Similarly, a number of studies have shown a relationship between education and malnutrition [1922]. Arguably, educational differences contribute to the unequal distribution of malnutrition among urban and rural residents. We suggest, however, that among children presenting to BDH, malnutrition remains an issues even within the hospital-presenting population. Where access and availability of the hospital and its services may demonstrate lower than national averages, this study concluded that malnutrition remains a problem even within hospital-based settings.

Interventions – What was done? What else is needed?

In light of MDG1 and MDG4, malnutrition in resource poor settings has been a major focus of both governmental and non-governmental interventions. Where our study was conducted at just over the halfway point of the MDG timeline (2009), these findings contribution to assessing the current trend of poverty, malnutrition and child health in Tanzania. The National Poverty Eradication Strategy, the Tanzania Development Vision 2025, The Tanzania Mini-Tiger Plan, The Poverty Reduction Strategy Paper, and the National Strategy for Growth and Reduction of Poverty are major strategies focused on drastically reducing poverty and creating high quality livelihoods for Tanzanians. Rooted in neoliberalism, many of these policies focus on reducing poverty as a means to improving quality of life, such as nutritional status.

Our study suggested that malnutrition rates among patients presented to BDH are lower than average for the Pwani Region according to the 2010 Demographic and Household Survey; data collection for the 2010 DHS overlapped with this study. While Bagamoyo may be unique in its urban and rural population distribution, the difference is also do to the population studied. Although those attending BDH resided within Pwani Region, they are not a representative sample of the region whereas the DHS sampling techniques lead to a regionally representative average. According to WHO, the right to health must be available, accessible, acceptable, and of good quality. As an inclusive right, the right to health also demands access to safe and potable water and adequate sanitation, an adequate supply of safe food, nutrition and housing, occupational health, environmental conditions, and access to health-related education and information. Given the more urban setting of BDH compared to the entire Pwani Region, many of these determinants of quality healthcare are present to a much higher degree within the BDH RCH clinic. Thus, the very notion that patients have access to BDH accounts for part of the difference in malnutrition rates in our study population compared to Pwani Region. However, the data also suggested that even with these increased resources, the presenting population remains malnourished.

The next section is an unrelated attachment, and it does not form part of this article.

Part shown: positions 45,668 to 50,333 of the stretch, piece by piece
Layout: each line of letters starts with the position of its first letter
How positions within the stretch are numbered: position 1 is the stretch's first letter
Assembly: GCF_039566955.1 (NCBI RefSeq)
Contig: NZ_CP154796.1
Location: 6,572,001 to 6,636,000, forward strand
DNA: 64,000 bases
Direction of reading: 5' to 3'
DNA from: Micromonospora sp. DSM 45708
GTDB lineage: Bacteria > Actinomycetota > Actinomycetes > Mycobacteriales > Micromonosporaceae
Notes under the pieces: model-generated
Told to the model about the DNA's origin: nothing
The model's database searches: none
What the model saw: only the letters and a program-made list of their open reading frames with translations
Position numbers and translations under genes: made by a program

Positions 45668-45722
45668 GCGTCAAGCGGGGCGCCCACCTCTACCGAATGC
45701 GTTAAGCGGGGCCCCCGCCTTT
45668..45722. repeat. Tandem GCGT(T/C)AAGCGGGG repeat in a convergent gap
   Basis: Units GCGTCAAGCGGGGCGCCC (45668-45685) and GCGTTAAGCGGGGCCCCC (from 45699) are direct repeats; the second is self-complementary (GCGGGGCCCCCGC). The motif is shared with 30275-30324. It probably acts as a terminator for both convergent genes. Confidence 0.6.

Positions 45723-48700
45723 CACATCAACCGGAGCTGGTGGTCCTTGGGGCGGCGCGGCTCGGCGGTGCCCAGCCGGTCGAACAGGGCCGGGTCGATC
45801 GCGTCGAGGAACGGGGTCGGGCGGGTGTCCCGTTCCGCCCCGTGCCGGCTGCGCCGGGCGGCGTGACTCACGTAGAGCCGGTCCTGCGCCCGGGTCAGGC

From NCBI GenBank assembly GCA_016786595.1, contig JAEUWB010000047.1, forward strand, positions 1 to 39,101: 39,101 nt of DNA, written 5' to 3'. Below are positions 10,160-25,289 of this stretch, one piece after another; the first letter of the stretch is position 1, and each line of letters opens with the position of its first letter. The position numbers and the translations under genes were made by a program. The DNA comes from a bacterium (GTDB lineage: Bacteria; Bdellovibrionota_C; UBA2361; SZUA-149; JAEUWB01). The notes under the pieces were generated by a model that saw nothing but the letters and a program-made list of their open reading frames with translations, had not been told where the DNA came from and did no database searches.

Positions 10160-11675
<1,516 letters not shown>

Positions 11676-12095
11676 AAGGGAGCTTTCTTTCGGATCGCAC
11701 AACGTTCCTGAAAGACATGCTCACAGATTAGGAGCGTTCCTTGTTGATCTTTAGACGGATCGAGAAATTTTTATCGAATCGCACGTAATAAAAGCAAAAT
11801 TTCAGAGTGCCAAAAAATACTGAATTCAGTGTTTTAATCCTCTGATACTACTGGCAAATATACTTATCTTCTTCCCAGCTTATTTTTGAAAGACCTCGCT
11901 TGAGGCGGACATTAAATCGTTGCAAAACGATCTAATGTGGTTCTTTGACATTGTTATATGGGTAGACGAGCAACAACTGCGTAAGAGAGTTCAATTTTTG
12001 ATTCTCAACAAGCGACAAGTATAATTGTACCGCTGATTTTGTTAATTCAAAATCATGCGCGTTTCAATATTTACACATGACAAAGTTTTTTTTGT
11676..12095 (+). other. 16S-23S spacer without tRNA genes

Implications

Bagamoyo District Hospital encounters a unique population of children under-five from both urban and rural areas. Given the large population of patients that present for both well child checks and immunizations, as well as patients presenting with other pathologies (e.g. malaria, infection, pneumonia, etc.), unique approaches can be taken to curb the malnutrition rates. As stated above, it is imperative to develop a deeper understanding of food, agricultural and fishing changes, and the ways in which these economic changes affect nutritional status of children. In developing a deeper sensibility of poverty’s interaction with malnutrition in Bagamoyo, additional interventions can be targeted to improve both immediate and generational malnutrition rates. Hospital-based nutrition interventions should be considered alongside community-based intervention. Hospital-based interventions can focus on interventions that take advantage of reaching large groups of caregivers and children at one time. Basic nutritional education is currently only provided to at-risk children for weight/age ratio at BDH. The nutritional education comes primarily in the form of verbal instructions to provide the child with a balanced diet. Due to multiple contributing factors to malnutrition, verbal instructions to caregivers about providing a balanced diet are unlikely to be very effective in addressing malnutrition. In addition, because MUAC measurements are not being regularly used, many at-risk children are being missed. However, the large number of caregivers (approximately100 caregivers present five days a week) at RCH at BDH provides a unique opportunity to reach thousands of at-risk children in a centralized location. By providing additional educational workshops on cooking preparation and food preservation demonstrations, breastfeeding support and access to fortified staples at RCH clinics, many at-risk children in high malnutrition areas could be reached with relatively small increases in staff and resources.